For a while I awaited developments. When rain was at last imminent I started putting up my tent just as the rain hit. I got half wet.
The rain stopped. The wind stopped. I saw sun on the tent fly. I waited a bit then took down the tent and paddled.
An osprey nest was next to the river. An adult was tearing off pieces of fish and giving them to the chicks who were hollering for more. Later three mule deer walked on on gravel spit. The twin fawns were fascinated the operation. They walked up and down the spit. When the doe left one fawn stayed, then the other fawn came back and joined it. The doe finally got them up leave. I camped on a gravel bar at the edge of the willows, just before the Marias River. Colter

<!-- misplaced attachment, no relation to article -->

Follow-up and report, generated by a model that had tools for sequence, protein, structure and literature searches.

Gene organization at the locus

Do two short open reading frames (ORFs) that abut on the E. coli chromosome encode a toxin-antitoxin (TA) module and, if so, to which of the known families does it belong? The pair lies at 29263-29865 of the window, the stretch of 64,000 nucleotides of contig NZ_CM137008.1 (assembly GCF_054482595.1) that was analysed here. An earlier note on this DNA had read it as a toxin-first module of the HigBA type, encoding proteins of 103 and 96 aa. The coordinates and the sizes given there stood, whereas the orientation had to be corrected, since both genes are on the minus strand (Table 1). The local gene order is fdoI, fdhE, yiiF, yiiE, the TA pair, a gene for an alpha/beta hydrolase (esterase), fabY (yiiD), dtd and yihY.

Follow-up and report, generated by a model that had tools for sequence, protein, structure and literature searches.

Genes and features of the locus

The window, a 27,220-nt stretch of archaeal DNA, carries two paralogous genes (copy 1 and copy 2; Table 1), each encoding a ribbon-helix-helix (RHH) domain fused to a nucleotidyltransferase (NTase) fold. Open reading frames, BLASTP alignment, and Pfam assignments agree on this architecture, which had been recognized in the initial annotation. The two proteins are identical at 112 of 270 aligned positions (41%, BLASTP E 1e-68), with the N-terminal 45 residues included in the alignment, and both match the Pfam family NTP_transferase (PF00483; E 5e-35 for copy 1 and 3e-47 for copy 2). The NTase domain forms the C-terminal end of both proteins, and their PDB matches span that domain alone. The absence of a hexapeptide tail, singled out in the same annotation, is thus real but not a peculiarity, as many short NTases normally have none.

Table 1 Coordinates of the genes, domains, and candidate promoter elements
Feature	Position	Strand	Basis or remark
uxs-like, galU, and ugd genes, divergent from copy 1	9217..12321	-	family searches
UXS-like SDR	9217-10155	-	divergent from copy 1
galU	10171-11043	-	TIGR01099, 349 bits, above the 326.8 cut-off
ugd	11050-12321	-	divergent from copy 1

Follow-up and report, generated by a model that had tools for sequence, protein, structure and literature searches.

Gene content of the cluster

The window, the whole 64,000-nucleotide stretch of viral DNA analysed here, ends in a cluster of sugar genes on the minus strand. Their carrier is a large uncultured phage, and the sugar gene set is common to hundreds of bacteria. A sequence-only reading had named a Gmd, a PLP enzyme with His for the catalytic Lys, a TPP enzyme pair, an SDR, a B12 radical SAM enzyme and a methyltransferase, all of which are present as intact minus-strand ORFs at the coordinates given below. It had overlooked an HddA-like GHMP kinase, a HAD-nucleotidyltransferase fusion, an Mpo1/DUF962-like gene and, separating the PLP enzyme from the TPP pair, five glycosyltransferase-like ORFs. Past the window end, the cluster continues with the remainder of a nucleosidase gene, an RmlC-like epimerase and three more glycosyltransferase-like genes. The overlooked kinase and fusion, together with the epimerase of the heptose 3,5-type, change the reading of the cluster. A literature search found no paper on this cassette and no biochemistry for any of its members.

Saturday June 1st 1805… A range of high Mountains appear to the S. W. at a considerable distance covered with snow, they appear to run Westerly. no timber appears on the highlands; but much more than yesterday on the river… game is by no means as abundant as below; we killed one male bighorn and a mule deer today; saw buffalow at a distance…
Trip overview and route map with position updates: